井底之蛙

2/14/2012

Who’s Afraid of Chop Suey? Or, The Politics of Authenticity

Filed under: — C. W. Hayford @ 3:47 pm

 

I humbly report that I have a piece —  “Who’s Afraid of Chop Suey?” — in the most recent Education About Asia (Winter 2011). The journal has generously made it available online for free (click here).

Chop Suey offers a convenient way to talk about the fate of Chinese food and cooking in the US before recent times, when the level of care and appreciation rose tremendously. The piece also argues that it is a mistake to dismiss the dish for not being “authentic.”

It is fair to say that Chop Suey in most restaurants is very likely to be a gooey mess — too salty, too sweet, too mushy — but it is dangerous to say that it’s not authentic. “Authenticity” is  too often used to police the cultural borders against intruders, cosmopolitans, hybrids, and mongrels, and  assumes that “authentic” means pure and unspoiled, “true to itself.” Good enough. I”m all for it. But who gets to decide what’s authentic? The House Un-Authentic Activities Committee?

Years ago I got a lesson in the ironies of authenticity angst. I had just come back from Taiwan, where I had spent a lot of time in restaurants and street stalls which had cooks and customers who were trained in the old ways on the mainland. I thought I knew something about authentic Chinese food.

I searched up and down the streets of Boston Chinatown for the place with the dimmest lights and the most Chinese customers. I found just the spot and ordered  the Special Lunch or ke fan. This was a cup of soup and a mound of rice with your meat or veggies on top, served on a flat plate. I politely turned down the spoon they brought and demanded  chopsticks. Only after a few minutes of chasing the rice around the plate did I look around to see that all the old Chinese men, the ones whose authentic presence had drawn me in, were eating with spoons.

I had demanded chopsticks because I was worried about authenticity. What was I thinking? I was a six foot blue eyed blond. Did I think that if I used chopsticks nobody would notice that I wasn’t Chinese? The actual Chinese in that restaurant didn’t worry about authenticity: All they wanted to do was to get the food into their mouths. No matter what they did they were still “Chinese.”  They were sensible; I got rice all over my shirt.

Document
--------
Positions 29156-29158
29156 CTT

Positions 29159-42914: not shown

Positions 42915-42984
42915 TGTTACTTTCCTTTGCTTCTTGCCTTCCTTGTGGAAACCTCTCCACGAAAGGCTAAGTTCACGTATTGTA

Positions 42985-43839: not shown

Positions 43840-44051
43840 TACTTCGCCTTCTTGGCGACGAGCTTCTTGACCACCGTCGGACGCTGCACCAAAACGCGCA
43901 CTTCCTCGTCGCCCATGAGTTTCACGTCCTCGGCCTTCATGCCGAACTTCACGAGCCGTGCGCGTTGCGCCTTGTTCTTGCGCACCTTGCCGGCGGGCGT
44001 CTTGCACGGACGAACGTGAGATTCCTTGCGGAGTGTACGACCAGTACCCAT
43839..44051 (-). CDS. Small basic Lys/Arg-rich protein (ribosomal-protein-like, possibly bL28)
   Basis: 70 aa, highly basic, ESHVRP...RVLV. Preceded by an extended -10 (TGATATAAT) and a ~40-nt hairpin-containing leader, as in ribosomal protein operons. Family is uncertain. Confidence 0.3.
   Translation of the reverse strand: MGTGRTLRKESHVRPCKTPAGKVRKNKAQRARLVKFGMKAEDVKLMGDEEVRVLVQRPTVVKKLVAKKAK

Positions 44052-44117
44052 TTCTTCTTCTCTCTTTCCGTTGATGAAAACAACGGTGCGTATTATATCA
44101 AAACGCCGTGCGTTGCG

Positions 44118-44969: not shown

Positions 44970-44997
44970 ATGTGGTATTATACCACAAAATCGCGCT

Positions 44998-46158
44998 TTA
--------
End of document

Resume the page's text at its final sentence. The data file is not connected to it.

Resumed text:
By the same authenticity test, I would never have ordered Chop Suey. Somehow Chop Suey wasn’t “Chinese,” or at least not authentic Chinese. In the following years I came to realize that just as there are regional cuisines inside China, there are regional Chinese cuisines outside China. American Chinese cuisine is one of them, and it’s just as authentic as can be. I’ve had dreary Peking Duck in China and excellent sweet and sour pork in the US.

A few years ago, I came back to Chop Suey, or at least to the idea of it. For a book about how Americans thought about China, I wanted to write a biography of a food item that started in the 19th century and came down to the present.  The ups and downs of Chop Suey show a great deal about Americans, some of them of Chinese ancestry, many of them not.

Some recent good books beat me to the punch. Jennifer 8. Lee,  a New York Times reporter, got out into the field to talk to people about how the Chinese restaurant business actually works, and combined this with some pretty good library research. Her  The Fortune Cookie Chronicles: Adventures in the World of Chinese Food (New York, NY: Twelve, 2008) is lively and full of smart points. She argues that the close-knit world of Chinese restaurants set them up for the same type of  “cloud sourcing,” or “group entrepreneurship” that fueled the take off in Silicon Valley computer industry. She tells a lively story of creativity and constant innovation.

Andrew Coe’s  Chop Suey: A Cultural History of Chinese Food in the United States (Oxford University Press, 2009) also tells a good story based on delving into historical records. J. A. G. Roberts, China to Chinatown: Chinese Food in the West (London: Reaktion, 2002) follows Western reactions to Chinese food over the last few centuries.

On a more theoretical but still accessible level, Daniel Little’s Understanding Society blog piece,  “Cultural Authenticity and the Market” (here) shows us how to use the idea of authenticity without spilling philosophical rice on our philosophical shirts.

Besides, everything is an authentic something or other. The touts on downtown Nathan Road in Hong Kong used to offer “genuine” ROLEX watches. Smart tourists wouldn’t bite when they noticed the RALEX or ROLOX logo, so a few years ago the touts began to ask “do you want to buy a fake Rolex?” People bought them so they could have a cute story to tell their friends.  These watches were “authentic,” that is, “authentic fakes.”

So let’s not get all authenticer than thou.

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